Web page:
How Trump Can Give Wall Street What It Wants
Randal Quarles was speaking to a standing-room-only crowd at a financial industry conference at the Pierre hotel in New York on Nov. 7, in the glow of Venetian chandeliers and bankers’ goodwill. The regulations that swept in after the 2008 financial crisis are ripe for an edit, said the Federal Reserve’s new vice chair for supervision, one of Wall Street’s watchdogs, and “everything is up for a fresh look.” President Donald Trump’s campaign promise to roll back financial regulation is making fitful progress on the legislative front. But his choice of Quarles for the supervision job highlights another way to deregulate: by changing the people in charge at key agencies. The former executive of private equity giant Carlyle Group added that the biggest difference he’ll probably make is “changing the tenor” of how the Fed interacts with banks.
Trump is about to get a chance to change another agency’s tune. Richard Cordray said on Nov. 15 that he will step down as head of the Consumer Financial Protection Bureau, which was created by the 2010 Dodd-Frank Act. Appointed by President Barack Obama, Cordray continued to issue restrictions this year, including one on payday lenders.
Still on Wall Street’s wish list is a softening of the so-called Volcker Rule put in place by Dodd-Frank. It prevents banks from making high-risk trades with their own money. But what counts as a prohibited investment is decided by five different agencies, including the Office of the Comptroller of the Currency. The OCC has sprung ahead of the pack by calling for bankers’ input on rewriting the rule. “Change is coming, and it will only increase over the next year,” says Keith Noreika, who was brought in by the administration to temporarily run the OCC. Trump’s permanent OCC pick is Joseph Otting, a former chief executive officer of OneWest Bank Group; he’s poised to take over an agency that once hammered OneWest over its foreclosure practices.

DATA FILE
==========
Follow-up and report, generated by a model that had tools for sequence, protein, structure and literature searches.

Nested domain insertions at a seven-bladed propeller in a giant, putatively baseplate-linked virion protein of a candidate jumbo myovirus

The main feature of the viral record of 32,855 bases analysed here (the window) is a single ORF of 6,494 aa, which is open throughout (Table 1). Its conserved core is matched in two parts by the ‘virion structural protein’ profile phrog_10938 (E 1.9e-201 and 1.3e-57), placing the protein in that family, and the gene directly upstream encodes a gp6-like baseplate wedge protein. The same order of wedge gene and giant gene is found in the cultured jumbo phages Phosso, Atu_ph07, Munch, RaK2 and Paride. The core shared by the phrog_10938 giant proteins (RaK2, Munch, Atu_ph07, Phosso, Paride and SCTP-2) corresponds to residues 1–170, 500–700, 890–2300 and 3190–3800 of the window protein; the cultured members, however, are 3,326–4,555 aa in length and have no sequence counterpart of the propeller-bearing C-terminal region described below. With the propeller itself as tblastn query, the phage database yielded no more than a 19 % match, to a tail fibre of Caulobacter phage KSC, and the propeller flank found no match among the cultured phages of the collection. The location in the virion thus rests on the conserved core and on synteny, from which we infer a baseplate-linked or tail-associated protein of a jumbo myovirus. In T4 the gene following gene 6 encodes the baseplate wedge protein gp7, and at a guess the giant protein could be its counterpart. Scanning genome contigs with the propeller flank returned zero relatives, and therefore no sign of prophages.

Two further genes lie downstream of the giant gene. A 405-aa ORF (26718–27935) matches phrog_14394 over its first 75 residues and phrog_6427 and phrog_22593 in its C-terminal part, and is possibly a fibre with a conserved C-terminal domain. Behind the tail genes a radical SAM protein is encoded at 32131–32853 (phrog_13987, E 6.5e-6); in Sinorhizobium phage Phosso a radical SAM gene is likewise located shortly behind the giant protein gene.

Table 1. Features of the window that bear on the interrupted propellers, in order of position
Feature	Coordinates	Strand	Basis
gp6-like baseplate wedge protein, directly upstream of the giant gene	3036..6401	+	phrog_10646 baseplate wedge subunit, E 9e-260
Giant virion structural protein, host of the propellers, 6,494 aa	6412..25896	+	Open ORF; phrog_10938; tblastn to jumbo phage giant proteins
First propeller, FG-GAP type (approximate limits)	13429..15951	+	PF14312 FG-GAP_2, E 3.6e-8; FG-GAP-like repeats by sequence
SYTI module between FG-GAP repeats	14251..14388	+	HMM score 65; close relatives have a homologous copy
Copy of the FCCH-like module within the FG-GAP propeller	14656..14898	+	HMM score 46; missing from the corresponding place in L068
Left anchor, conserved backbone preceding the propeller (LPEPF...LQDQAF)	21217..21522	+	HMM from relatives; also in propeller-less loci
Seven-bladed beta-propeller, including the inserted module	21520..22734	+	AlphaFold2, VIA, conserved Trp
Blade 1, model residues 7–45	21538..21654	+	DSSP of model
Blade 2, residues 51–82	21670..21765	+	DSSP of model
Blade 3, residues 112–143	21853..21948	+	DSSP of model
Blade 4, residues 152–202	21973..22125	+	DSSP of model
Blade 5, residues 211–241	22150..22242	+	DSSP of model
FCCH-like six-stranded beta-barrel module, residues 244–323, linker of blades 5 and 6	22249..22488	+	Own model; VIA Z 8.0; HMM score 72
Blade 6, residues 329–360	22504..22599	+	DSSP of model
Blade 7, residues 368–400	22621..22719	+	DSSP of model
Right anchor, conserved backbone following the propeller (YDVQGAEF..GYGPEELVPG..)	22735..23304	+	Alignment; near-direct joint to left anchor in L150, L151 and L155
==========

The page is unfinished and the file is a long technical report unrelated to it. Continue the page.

The administration has also signaled its intent to give banks a break on a key capital rule. (Stringent capital requirements can protect banks in a crisis.) A meaningful change will require coordination by three agencies—the Fed, the OCC, and the Federal Deposit Insurance Corp. The FDIC is run by an Obama appointee whose term expires at the end of November. The White House is said to be vetting a replacement.